Chicago terror suspect won't be released to home

Published: Friday, May 3, 2013 11:48 a.m. CDT • Updated: Saturday, May 4, 2013 12:03 a.m. CDT

CHICAGO – A federal judge Friday quashed another judge’s surprise order to release an Illinois teenager pending trial on charges he sought to join al-Qaida-linked militants in Syria.

Abdella Ahmad Tounisi, 18, of Aurora, posed a potential threat not just to Illinois and the U.S. but to “the entire world community,” said U.S. District Judge Edmond Chang.

Standing in court in orange jail garb and his legs shackled, Tounisi showed no emotion at the ruling, which snuffed out his chance at freedom as he awaits trial. But his mother, Seham Tounisi, was distraught, crying as she left the Chicago courtroom and leaning against her husband, Ahmad Tounisi. A woman with them said, “This is unfair!”

On Thursday, U.S. Magistrate Judge Daniel Martin ruled Tounisi could be released on home confinement. He stayed his own order to give the government 24 hours to appeal.

The American-born Tounisi was snared in an Internet sting after contacting a sham website set up by the FBI purporting to connect would-be fighters with terrorists, according to court filings. He was arrested at O’Hare International Airport last month as he allegedly prepared for the first leg of a trip to Syria to join Jabhat al-Nusrah.

Judge Chang cited emails in which Tounisi allegedly stated his intention to join the al-Qaida-affiliated group fighting Syrian President Bashar Assad’s regime. That suggests “the defendant was knowingly attempting to join this group – a very dangerous group,” Chang said.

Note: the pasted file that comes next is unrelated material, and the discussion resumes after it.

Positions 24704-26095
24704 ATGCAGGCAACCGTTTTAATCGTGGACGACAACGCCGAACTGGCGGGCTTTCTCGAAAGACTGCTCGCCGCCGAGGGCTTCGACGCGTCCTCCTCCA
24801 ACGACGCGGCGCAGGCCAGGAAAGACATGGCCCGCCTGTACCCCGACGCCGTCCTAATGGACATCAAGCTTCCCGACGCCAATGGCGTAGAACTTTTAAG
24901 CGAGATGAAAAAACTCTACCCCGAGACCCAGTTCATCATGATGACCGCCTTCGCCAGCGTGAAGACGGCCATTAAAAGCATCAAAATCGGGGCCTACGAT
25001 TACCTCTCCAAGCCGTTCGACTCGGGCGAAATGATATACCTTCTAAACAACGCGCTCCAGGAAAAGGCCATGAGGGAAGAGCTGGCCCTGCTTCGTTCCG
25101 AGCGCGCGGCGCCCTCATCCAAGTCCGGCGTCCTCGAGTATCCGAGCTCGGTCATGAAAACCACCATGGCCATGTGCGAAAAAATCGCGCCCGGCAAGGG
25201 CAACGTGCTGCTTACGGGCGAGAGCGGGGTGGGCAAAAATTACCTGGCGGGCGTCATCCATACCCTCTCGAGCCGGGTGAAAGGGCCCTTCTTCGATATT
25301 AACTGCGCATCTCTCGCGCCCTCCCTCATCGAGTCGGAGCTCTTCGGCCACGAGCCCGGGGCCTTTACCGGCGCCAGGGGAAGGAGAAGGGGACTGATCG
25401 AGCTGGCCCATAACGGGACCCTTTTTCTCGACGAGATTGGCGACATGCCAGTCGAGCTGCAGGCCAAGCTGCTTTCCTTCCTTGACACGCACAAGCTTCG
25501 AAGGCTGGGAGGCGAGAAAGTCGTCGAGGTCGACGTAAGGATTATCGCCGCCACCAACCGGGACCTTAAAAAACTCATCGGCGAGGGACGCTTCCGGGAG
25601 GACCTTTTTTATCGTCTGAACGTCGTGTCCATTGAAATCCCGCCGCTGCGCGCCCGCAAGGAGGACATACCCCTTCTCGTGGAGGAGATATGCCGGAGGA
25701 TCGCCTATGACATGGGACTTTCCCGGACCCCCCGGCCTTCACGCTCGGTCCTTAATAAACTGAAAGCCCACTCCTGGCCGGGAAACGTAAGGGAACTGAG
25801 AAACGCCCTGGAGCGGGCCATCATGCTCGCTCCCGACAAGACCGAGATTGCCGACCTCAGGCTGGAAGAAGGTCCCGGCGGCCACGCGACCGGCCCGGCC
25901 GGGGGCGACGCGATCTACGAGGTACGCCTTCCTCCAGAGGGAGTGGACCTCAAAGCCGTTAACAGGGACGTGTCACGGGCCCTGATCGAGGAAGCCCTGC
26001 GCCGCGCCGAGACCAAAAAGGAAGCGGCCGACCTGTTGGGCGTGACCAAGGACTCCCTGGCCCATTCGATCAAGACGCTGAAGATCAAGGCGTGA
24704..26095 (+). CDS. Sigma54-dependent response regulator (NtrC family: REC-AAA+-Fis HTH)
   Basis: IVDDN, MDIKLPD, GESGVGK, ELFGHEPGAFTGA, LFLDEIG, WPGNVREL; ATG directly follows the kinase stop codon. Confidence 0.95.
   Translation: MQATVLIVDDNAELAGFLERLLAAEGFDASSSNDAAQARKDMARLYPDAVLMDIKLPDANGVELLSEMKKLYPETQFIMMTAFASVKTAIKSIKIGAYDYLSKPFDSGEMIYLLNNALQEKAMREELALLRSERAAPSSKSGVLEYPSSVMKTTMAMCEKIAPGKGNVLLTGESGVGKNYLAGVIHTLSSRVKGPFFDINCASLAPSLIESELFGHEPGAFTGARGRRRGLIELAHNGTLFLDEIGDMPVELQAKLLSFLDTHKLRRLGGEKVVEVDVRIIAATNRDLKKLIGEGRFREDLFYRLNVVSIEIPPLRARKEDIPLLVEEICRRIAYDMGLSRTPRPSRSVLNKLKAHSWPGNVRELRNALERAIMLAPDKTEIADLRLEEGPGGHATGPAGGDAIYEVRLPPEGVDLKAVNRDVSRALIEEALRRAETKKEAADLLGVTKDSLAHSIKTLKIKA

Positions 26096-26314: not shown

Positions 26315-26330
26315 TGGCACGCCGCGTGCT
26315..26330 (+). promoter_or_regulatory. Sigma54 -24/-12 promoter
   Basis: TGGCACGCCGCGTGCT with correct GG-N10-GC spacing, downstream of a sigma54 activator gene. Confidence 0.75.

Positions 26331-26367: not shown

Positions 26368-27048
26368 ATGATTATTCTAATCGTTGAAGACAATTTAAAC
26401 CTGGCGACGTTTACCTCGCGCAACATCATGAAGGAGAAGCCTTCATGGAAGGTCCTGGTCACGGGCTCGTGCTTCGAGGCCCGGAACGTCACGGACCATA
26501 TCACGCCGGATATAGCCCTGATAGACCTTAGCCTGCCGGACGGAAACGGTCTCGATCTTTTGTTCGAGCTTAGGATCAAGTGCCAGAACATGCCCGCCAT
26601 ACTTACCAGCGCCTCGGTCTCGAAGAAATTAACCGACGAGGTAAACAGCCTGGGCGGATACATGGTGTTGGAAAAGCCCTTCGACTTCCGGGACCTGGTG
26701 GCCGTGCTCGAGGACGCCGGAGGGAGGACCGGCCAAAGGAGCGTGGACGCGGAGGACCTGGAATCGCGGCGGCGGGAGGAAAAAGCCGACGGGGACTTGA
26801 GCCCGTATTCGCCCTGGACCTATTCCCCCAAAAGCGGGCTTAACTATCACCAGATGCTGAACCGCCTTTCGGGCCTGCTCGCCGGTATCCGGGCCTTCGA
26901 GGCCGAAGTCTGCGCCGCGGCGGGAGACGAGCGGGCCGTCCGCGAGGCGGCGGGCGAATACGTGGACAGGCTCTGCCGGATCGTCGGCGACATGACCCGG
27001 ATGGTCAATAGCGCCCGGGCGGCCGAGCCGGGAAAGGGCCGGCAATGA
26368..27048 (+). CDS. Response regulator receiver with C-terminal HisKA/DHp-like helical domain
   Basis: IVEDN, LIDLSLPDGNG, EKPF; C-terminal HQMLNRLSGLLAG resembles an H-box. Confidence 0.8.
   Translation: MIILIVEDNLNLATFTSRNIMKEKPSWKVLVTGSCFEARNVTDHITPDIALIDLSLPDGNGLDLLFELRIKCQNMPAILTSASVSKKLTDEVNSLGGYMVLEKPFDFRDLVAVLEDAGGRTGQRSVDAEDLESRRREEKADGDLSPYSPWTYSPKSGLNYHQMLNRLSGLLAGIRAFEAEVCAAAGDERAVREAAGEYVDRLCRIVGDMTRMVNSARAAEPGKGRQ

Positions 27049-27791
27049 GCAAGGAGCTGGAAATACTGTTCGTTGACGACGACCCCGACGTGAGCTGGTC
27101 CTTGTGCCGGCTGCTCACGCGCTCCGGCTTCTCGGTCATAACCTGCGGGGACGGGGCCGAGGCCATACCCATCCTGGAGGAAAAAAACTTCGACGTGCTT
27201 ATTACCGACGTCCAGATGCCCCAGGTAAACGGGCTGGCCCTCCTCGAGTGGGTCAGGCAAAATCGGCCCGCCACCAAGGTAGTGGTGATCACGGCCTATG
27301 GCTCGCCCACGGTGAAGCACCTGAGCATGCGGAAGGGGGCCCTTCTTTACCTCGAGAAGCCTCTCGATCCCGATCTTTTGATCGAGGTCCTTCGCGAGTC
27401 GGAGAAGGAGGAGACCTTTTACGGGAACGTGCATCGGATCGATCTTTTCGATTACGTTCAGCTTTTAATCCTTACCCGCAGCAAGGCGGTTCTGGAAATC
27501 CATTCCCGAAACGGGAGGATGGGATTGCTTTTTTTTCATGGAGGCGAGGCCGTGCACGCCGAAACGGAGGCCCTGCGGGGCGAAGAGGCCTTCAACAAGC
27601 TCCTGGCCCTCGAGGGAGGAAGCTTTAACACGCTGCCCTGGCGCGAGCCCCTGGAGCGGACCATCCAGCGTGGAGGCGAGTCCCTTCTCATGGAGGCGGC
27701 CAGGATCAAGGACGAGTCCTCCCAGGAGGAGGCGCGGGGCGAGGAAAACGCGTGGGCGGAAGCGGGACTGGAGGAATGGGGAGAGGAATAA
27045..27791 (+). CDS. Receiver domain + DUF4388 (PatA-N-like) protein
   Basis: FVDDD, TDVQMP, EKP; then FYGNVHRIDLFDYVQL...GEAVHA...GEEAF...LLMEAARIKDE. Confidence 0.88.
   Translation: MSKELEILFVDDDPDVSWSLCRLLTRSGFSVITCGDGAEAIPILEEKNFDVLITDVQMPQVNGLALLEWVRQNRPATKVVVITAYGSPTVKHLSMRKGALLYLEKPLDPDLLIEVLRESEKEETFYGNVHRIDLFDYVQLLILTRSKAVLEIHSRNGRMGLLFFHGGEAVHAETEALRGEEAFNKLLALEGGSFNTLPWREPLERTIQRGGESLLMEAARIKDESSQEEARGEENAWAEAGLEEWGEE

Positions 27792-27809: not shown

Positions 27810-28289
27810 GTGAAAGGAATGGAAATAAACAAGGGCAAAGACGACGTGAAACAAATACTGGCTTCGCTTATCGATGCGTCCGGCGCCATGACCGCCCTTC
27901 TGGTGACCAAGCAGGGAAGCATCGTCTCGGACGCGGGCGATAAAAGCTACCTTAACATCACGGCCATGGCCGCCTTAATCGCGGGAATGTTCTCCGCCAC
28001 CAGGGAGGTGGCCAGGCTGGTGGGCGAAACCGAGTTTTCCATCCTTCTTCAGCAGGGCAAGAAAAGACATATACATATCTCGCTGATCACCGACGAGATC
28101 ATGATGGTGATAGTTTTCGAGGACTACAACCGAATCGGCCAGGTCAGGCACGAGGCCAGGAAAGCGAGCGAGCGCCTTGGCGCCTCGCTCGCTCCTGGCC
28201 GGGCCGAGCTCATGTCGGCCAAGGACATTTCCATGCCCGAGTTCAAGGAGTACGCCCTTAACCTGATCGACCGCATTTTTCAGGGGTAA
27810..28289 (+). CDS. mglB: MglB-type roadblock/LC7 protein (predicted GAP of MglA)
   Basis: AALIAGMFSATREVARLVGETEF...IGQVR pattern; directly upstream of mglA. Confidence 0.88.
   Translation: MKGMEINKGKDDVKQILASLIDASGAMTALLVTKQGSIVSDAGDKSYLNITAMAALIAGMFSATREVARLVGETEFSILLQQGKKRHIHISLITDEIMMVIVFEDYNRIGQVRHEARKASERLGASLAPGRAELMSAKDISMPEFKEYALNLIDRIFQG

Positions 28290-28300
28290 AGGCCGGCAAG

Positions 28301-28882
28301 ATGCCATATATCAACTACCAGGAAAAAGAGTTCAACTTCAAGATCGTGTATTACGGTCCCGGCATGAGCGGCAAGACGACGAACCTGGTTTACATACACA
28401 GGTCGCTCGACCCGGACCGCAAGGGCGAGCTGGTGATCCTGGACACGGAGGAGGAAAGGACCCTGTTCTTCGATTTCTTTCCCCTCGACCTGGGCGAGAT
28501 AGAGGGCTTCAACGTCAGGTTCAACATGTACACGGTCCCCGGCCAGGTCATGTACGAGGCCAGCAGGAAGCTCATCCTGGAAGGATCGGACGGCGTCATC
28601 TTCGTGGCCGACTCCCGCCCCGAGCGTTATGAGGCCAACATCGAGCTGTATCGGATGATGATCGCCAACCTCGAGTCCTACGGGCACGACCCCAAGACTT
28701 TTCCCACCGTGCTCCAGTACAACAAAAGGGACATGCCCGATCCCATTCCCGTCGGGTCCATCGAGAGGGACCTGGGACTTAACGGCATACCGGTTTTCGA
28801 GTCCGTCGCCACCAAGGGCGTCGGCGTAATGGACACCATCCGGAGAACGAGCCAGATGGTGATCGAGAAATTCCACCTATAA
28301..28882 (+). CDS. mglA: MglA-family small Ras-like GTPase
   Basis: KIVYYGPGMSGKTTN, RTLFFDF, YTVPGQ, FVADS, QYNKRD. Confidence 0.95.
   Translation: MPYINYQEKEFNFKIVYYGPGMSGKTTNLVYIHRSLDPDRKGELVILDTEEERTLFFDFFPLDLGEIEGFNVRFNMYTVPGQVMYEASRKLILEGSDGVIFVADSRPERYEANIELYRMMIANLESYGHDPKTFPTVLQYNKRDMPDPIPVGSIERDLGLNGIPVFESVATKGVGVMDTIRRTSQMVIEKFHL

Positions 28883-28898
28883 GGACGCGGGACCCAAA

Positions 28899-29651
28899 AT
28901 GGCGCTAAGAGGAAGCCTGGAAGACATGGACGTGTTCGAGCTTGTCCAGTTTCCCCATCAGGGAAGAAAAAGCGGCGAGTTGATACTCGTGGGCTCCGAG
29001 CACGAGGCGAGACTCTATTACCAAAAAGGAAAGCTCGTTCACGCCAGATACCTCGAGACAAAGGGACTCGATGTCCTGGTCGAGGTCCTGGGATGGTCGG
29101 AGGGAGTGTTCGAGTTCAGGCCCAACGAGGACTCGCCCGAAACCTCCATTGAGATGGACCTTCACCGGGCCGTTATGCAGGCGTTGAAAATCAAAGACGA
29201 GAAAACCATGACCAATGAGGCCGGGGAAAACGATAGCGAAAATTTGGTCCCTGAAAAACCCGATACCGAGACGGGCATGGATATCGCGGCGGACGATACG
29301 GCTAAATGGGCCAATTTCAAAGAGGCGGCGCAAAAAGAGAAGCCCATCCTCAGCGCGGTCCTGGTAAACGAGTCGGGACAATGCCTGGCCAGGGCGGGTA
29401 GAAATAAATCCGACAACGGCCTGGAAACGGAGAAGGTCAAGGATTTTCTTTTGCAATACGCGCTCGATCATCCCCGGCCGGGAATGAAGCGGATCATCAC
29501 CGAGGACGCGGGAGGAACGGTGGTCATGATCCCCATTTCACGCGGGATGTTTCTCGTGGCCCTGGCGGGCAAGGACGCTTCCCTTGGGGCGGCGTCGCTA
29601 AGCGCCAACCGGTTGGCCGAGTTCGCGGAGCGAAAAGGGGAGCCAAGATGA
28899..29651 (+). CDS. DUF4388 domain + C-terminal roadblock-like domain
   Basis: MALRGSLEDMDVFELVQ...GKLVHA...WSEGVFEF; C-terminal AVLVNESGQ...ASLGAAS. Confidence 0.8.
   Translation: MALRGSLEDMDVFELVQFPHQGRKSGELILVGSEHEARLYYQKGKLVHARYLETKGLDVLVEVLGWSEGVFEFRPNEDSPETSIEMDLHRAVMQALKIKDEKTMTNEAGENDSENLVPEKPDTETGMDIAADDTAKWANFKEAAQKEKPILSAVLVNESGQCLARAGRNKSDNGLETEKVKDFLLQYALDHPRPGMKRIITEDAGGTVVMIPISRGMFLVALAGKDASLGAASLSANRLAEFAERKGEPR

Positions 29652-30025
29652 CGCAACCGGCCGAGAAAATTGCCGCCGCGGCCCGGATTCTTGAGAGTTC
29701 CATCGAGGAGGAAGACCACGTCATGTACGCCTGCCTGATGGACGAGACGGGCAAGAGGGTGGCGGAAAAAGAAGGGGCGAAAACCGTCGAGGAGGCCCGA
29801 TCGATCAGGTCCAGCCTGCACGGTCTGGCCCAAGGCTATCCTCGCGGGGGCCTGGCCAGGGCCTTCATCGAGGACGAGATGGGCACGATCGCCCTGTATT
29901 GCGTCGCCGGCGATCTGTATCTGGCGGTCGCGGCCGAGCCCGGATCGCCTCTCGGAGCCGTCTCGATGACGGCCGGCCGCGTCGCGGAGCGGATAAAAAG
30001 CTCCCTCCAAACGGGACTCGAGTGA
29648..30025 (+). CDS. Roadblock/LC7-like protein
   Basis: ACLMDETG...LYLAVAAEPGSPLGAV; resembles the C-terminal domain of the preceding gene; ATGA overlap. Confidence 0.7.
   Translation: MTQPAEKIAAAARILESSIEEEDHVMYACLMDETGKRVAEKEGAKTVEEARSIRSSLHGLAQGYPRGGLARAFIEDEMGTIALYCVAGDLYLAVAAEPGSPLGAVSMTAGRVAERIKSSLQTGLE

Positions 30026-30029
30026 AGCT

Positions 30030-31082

To drive home Tounisi’s apparent determination and resourcefulness, prosecutor William Ridgway said the cash-strapped teen even managed to divert financial aid to attend the College of DuPage in suburban Chicago to pay for his plane ticket.

Even after worried family members had told Tounisi he “will be killing (his) mother” by persisting in plans to travel abroad, he pushed ahead, the judge said.

The judge also cited Tounisi’s friend, Adel Daoud, who was arrested last year for allegedly trying to detonate a device he thought was a bomb outside a Chicago bar. Daoud has pleaded not guilty.

Prosecutors say Tounisi helped brainstorm potential targets with Daoud, though Tounisi was never charged in that case.

Chang said an FBI interview with Tounisi about Daoud last year should have so frightened Tounisi as to make other alleged plots unthinkable to him.

“That should have been a life-altering event,” he said. “But it did not dissuade him.”

Defense attorney Molly Armour declined any comment after the hearing, including about the possibility of appealing Friday’s ruling. She told Chang that prosecutors were obliged to demonstrate her client constituted more than a “theoretical” threat. They had failed to do that, she said.

Tounisi is charged with one count of attempting to provide material support to a foreign terrorist organization. If convicted, he faces a maximum 15-year prison term.

The fake website Tounisi allegedly visited included flowery invitations to, “Join your lion brothers ... fighting under the true banner of Islam.” He engaged in email communications via the site with an FBI agent posing as a terrorist recruiter, court filings allege.

Critics have questioned whether such sites woo impressionable youth into contemplating crimes that otherwise wouldn’t cross their minds. Others say the websites help catch prospective terrorists in the virtual world before they carry out real-world harm.

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